Vector Review

The Critical Journal of the British Science Fiction Association

Charles Stross — The Atrocity Archives
Golden Gryphon, Urbana, 2004, 273 pp., $24.95, h/b,
ISBN 1930-846-258

Here's a pub quiz question: What was Charles Stross' first published novel? Anyone answering Singularity Sky is wrong; in fact it was a mad, cross-genre romp of a story that combined Office Space-style bureaucracy, Lovecraftian horrors, 21st-century geekdom and the style and plot mechanics of a Len Deighton-esque spy thriller. It was serialised in the pages of Spectrum SF in late 2001 and early 2002; it was called The Atrocity Archive; and it was an awful lot of fun. Now Golden Gryphon have brought out a cunningly pluralised book, The Atrocity Archives, that contains not only the original novel but several tempting extras as well.

To deal with the original first, however: Bob Howard works for The Laundry, an extremely secret branch of British Intelligence that's in the front line of the war against nameless terrors. It's been around since the aftermath of World War Two, when Alan Turing's work on "Phase Conjugate Grammars for Extradimensional Summoning" proved the link between mathematics and the occult once and for all. Suddenly certain computations became high-risk propositions — or as Bob puts it: "The many-angled ones, as they say, live at the bottom of the Mandelbrot set, except when a suitable incantation in the platonic realm of mathematics — computerised or otherwise — draws them forth." (p16)

Not that Bob sees much action himself. No, he's mostly your average tech-support dude, trapped in the lower levels of a civil service culture straight out of Dilbert's nightmares, and cohabiting with a couple of equally geeky Laundrymen by the names of Pinky and Brain. That he gets upgraded to field duty is mostly the result of some quick thinking on a training course that goes a little ka-ka, at which point before you can say "Nyarlathotep" he's embroiled in a sticky situation involving a beautiful professor and the extra-dimensional remains of the Third Reich.

How far you consider Stross' crosswiring of magic and monsters a work of insane genius — instead of, say, merely insane — will probably depend on your geek quotient. If, for instance, you find exchanges such as "Am I making myself clear?" "Yes, for very bureaucratic values of clear" (p14) entertaining; or if you've ever used Inappropriate Capitalisation to make a point; or if you grin when you see over-elaborately euphemistic but very particular descriptions such as "An indeterminate but nonzero number of semifull vodka glasses later . . ." (p32) — well, then you've probably already got a sense of the idiom Stross is working in here.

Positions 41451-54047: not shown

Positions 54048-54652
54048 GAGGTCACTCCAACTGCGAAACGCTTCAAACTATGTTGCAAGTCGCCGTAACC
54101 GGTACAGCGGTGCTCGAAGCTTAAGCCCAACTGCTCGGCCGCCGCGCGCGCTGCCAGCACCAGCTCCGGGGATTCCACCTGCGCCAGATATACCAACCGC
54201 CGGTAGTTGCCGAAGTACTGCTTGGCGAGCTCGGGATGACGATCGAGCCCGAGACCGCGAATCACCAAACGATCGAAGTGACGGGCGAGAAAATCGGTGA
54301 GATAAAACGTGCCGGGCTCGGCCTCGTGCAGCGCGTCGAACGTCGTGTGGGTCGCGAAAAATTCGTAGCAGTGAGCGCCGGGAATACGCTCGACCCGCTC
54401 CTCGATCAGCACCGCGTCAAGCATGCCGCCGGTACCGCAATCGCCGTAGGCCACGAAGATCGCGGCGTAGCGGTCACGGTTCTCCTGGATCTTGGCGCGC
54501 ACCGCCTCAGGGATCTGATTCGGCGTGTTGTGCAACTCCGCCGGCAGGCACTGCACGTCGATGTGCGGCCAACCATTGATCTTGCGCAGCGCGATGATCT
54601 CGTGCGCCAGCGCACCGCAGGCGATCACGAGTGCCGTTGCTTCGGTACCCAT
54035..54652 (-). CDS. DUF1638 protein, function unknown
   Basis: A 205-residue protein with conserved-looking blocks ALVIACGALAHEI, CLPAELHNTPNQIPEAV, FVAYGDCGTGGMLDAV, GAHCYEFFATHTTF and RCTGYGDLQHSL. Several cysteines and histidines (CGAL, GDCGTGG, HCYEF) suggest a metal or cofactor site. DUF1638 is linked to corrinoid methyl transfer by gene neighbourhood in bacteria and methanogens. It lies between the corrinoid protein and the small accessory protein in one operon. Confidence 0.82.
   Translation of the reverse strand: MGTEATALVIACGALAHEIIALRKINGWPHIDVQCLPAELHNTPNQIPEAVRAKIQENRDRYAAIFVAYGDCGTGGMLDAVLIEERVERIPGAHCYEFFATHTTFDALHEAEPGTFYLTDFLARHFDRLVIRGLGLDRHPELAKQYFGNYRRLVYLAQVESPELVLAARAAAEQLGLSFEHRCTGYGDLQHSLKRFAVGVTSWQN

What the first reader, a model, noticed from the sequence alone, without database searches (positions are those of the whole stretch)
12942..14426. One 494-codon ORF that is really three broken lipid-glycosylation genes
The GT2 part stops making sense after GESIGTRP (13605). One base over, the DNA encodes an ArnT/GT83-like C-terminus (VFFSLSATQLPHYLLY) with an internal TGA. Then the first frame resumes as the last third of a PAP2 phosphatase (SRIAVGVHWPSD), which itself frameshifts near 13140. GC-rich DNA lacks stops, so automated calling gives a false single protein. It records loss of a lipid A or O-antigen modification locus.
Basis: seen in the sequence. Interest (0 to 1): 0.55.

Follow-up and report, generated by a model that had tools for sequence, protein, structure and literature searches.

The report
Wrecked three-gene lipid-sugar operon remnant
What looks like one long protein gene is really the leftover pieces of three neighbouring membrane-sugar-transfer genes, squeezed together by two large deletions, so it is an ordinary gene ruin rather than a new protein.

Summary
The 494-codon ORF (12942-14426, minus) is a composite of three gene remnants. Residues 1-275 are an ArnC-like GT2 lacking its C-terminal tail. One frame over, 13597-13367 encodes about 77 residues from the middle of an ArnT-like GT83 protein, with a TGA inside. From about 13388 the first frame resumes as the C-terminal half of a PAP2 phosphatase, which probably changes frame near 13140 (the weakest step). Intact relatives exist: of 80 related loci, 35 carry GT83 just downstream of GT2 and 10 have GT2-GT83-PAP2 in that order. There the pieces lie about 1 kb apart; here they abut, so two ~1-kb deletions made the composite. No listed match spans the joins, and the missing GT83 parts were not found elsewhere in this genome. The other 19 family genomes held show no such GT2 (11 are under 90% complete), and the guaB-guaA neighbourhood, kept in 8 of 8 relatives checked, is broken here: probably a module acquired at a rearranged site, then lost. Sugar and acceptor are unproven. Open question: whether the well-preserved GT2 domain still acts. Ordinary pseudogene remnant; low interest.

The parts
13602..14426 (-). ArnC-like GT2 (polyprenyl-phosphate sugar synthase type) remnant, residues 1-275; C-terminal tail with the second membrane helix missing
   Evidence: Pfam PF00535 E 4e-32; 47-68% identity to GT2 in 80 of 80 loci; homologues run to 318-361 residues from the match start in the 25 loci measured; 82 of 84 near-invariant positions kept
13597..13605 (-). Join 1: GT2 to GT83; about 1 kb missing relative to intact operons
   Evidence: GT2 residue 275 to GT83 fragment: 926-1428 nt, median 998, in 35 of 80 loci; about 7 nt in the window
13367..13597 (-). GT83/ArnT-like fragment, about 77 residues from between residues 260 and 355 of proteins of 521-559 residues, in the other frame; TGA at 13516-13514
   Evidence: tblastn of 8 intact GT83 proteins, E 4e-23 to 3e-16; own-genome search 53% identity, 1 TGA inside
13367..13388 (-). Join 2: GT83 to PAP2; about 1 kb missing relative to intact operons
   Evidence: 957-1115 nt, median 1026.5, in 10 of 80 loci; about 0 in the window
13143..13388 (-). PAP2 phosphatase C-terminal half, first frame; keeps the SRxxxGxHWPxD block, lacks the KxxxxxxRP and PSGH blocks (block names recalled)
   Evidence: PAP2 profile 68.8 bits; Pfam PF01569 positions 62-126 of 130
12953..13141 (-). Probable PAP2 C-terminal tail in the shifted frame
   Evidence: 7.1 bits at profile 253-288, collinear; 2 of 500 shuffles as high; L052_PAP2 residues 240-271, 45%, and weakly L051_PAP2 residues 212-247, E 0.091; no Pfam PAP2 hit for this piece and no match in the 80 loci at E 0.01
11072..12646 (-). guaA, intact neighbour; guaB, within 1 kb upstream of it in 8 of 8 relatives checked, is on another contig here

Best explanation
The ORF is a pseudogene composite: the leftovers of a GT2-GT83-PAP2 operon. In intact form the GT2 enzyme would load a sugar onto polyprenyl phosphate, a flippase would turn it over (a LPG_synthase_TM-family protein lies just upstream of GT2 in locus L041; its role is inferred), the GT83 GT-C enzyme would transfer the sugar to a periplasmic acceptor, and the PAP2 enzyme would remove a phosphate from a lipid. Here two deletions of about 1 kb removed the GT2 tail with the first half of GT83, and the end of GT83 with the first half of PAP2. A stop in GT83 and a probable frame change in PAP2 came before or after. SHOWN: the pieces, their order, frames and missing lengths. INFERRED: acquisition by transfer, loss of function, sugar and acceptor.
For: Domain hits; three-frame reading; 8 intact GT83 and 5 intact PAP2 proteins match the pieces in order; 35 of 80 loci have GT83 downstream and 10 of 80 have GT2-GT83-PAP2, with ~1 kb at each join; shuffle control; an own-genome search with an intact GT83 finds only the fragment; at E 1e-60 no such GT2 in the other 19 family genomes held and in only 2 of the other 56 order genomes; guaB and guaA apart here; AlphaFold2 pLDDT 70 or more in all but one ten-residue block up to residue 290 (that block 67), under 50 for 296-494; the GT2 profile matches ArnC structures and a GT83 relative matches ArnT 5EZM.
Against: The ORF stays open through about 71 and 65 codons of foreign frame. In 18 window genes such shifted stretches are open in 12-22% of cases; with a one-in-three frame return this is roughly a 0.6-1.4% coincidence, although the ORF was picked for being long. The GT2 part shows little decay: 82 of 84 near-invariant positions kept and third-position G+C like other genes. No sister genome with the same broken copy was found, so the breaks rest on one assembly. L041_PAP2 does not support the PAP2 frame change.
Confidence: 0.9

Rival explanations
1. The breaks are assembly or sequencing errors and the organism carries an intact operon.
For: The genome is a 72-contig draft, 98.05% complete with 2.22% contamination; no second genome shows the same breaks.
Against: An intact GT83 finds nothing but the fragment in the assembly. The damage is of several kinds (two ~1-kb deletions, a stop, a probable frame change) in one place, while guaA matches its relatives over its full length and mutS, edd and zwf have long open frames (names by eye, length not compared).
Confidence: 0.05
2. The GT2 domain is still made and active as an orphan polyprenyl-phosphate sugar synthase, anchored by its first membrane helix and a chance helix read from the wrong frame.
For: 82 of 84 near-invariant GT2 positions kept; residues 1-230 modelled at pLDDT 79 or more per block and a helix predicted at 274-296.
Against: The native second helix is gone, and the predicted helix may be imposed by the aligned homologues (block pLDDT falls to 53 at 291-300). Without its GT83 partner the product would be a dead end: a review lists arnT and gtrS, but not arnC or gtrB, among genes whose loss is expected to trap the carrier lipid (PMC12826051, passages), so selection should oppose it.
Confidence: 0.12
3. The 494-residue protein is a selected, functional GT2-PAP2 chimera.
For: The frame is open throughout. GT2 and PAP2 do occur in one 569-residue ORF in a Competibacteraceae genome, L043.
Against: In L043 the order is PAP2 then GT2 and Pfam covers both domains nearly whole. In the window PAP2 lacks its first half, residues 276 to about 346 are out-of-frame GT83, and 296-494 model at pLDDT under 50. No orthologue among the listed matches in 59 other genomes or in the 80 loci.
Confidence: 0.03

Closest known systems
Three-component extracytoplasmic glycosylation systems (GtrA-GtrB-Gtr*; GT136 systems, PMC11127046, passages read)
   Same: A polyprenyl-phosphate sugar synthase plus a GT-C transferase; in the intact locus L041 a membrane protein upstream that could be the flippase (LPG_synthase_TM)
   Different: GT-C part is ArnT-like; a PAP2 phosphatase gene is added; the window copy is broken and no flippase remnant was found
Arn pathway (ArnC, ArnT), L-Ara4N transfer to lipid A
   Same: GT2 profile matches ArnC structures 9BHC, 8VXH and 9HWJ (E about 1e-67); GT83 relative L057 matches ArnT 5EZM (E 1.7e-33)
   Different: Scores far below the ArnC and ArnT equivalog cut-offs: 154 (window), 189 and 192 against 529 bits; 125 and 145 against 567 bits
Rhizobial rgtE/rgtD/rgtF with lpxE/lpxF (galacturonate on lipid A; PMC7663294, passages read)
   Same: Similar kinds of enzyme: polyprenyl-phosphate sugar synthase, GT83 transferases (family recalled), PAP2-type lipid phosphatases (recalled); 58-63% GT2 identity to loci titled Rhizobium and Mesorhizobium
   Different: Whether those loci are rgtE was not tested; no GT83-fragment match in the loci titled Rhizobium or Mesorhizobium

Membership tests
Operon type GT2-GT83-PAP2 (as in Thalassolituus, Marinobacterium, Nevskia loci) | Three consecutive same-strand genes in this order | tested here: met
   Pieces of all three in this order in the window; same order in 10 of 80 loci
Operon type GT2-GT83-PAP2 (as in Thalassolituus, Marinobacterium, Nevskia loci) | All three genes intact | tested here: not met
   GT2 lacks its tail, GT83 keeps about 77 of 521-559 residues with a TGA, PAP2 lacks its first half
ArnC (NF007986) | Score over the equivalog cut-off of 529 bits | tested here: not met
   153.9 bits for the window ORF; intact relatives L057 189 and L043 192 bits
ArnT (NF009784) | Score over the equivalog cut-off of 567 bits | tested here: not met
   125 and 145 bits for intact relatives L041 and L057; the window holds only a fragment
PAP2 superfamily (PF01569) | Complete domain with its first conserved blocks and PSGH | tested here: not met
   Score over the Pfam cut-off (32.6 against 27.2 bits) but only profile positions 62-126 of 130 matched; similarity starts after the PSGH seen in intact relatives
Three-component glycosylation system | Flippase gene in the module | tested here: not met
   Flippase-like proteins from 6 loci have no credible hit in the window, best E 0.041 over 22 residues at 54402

Personally, I love it, from the cynical, dry tone of the narration to the esoteric references to hacker lore. I know I must be missing some of the jokes — I'm just not the right kind of geek to get them all — but there are still enough hits to make this a hugely enjoyable read.

So as far as I'm concerned, a hardcover edition of The Atrocity Archive was always going to be a must-buy; that it comes with the aforementioned extras is merely the icing on the cake. The book opens with a typically insightful introduction from Ken MacLeod, and closes with an essay from Stross that looks at the different inspirations for the novel's backstory and development. Best of all, though, is a follow-up novella that confronts the Laundry with a thoroughly 21st-century menace.

"The Concrete Jungle" is set a short while after The Atrocity Archive. Bob's job would now best be described as something like 30% tech support, 70% spook, which means that — lucky him! — he's the guy who gets called out when the higher-ups want someone to count the number of concrete cows in Milton Keynes at four in the morning. This initial investigation is interspersed with a number of classified files from The Laundry's archives that describe the progress, over the course of the 20th century, of increasingly classified research into gorgonism. Here, that means a sort of quantum-mechanical medical condition in which sufferers gain the ability to turn a certain percentage of carbon atoms in anything they look at into highly charged silicon ions . . . a process which, if the recipient of the gaze is alive, is usually terminal. How exactly this becomes a national security issue is a very neat twist that I don't want to spoil; but suffice to say that it involves other common Strossian concerns, notably the impact of networks and of non-open software standards. It all adds up to a novella that is at least as much fun as, and arguably more thought-provoking than, the earlier story.

Combined with Golden Gryphon's typically high production standards (good paper quality, binding, and cover art), this is an extremely classy package — and a welcome reminder that whilst Stross may currently be best known for his information-dense space opera, it's far from the only string to his bow.

— Niall Harrison, Vector #238, November/December 2004


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